I made the model of the Dewoitine 371 twenty years before making the model of the 376 and some of the smaller struts of the 371 seem to have disappeared during the intervening period. Apart from that, the only real visual differences between them is that the Humbrol 11 silver finish was a lot brighter then than it is now and the recommended upper colours for the 371, Humbrol 80, is not a colour that I would probably use now. The cockpit interiors are adequate and probably as detailed as they need to be for what is visible, though my 371 cockpit has seatbelts because they came with the kit whereas the 376 doesn’t. The reason for this is because I could not find any photo etched parts in my 376 kit until I found them hiding behind the decal sheet, by which time it was too late to use them.
Both kits offer the engine in resin with a central crankcase and lots of tiny engine cylinders that have to be carefully glued to the crankcase. This might make sense if the engine wasn’t hidden behind a large spinner so all the effort is pretty much wasted and I would have preferred instead a single well mounded resin part. The kit instructions also suggests scratch building exhaust pipes from each tiny cylinder head, which I laughingly dismissed as being an even greater waste of time since they wouldn’t be seen underneath the engine cowling. Perhaps I could have super detailed the engine and left the cowling off, but I could just as easily have committed myself to the local mental asylum.
The most challenging part of building these kits was attaching the wings to the fuselage using the small and fragile struts provided in the kit. There are no locating holes or tabs to do this though the plastic moulded wing has much better indications of where the struts join the wing than the resin one does. Another advantage of the plastic wing over the resin one is that you can use the standard plastic melting glue to attach the wings to the struts of the 371, giving a stronger bond, whereas there is no option but superglue in attaching the 376 plastic struts to the resin wing, risking a catastrophic failure sometime in the future.
I don’t recall now how I managed to align the fuselage and wings of the 371 to join them with the struts, all my notes say is ‘a solid, precise jig’. That must have been a work of art in itself. Since then my standards have slipped and I use large blobs of Blue Tack to hold everything in place which makes it easier to make the small adjustments required to make sure everything is square before test fitting the struts to get everything micro-millimeter perfect. It was easier to start with the inner struts and then let the main struts go where they wanted to go since, this time, there was no precise indication of where they should go. Then a few dots of superglue, wait a while and then the challenge is to remove the model from the Blue Tack without breaking anything. In theory I should have used the same process to attach the undercarriage to the model but it proved too difficult so I just had to trust that the kit maker had got the lengths of the struts just right, glue the parts together and hope for the best. At least, using Revell Contacta glue gives a little time and flexibility to line everything up properly before leaving them to set.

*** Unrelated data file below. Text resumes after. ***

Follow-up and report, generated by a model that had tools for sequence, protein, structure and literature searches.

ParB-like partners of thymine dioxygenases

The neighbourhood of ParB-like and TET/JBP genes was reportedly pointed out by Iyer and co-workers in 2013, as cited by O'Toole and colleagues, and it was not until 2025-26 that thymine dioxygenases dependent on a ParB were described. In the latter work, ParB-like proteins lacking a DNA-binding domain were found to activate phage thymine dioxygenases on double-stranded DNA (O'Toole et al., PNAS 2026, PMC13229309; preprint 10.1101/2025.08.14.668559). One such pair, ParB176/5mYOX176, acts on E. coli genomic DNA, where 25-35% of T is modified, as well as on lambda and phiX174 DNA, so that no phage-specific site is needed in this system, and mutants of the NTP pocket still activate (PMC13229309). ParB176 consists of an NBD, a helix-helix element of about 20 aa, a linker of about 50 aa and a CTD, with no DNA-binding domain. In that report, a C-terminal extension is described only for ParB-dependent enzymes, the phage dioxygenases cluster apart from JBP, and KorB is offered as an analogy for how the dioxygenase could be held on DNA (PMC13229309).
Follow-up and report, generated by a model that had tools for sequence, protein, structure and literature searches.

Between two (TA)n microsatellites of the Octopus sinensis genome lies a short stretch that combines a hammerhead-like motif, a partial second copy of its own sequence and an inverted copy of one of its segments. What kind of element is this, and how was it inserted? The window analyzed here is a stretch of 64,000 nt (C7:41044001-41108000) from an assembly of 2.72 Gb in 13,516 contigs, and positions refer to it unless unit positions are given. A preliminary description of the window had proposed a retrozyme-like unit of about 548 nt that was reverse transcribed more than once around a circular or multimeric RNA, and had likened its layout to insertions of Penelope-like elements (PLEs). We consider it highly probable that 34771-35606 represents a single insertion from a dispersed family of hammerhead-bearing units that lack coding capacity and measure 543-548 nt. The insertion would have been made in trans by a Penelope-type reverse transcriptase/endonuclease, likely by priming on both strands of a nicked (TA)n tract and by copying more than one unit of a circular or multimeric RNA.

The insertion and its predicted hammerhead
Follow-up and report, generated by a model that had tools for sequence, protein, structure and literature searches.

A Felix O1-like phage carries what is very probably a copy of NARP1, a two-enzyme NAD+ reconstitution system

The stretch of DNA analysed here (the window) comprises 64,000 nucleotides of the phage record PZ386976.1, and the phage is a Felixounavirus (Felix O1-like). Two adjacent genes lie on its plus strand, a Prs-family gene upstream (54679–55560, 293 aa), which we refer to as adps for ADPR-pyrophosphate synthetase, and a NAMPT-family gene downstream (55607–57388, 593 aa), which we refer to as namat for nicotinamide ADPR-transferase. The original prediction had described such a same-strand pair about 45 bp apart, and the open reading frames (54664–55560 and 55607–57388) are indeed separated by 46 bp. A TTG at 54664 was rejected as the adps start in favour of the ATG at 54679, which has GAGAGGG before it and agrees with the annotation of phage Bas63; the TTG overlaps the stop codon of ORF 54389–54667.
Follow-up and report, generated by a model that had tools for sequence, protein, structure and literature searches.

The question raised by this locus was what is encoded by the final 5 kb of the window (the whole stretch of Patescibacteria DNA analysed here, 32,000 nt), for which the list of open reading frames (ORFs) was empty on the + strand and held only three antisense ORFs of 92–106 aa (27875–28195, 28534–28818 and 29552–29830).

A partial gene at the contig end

After that the rest of the model more of less makes itself. The arrester hook for the 373/376 is moulded in resin and looked to be impossible to remove from its casting block without breaking. I was right and something similar had to be made using bits and pieces from my spares box. Of all the ways that I make models the one that has changed the most over the past twenty years has been my painting. The 371 model is painted in Humbrol enamel paints, Numbers 11 and 80, but these days I use almost exclusively lacquers and fortunately there are some very good metallic finishes in lacquers. The fuselage of the 376 was airbrushed in Tamiya LP-38 Flat Aluminium and the cowling in Tamiya TS-83 Metallic Silver to give a bit of tonal variety. I was tempted to do a little bit of subtle weathering with dustings of slightly altered shades but fear of separating the wing and fuselage persuaded me otherwise.
These Dewotine 37 series fighters might have been a failure in real life but models of them look very nice, in that particular French inter-war fashion. The only reason for not making them is the stress of getting the wings and fuselages together without laying in a large supply of bravery and beta-blockers.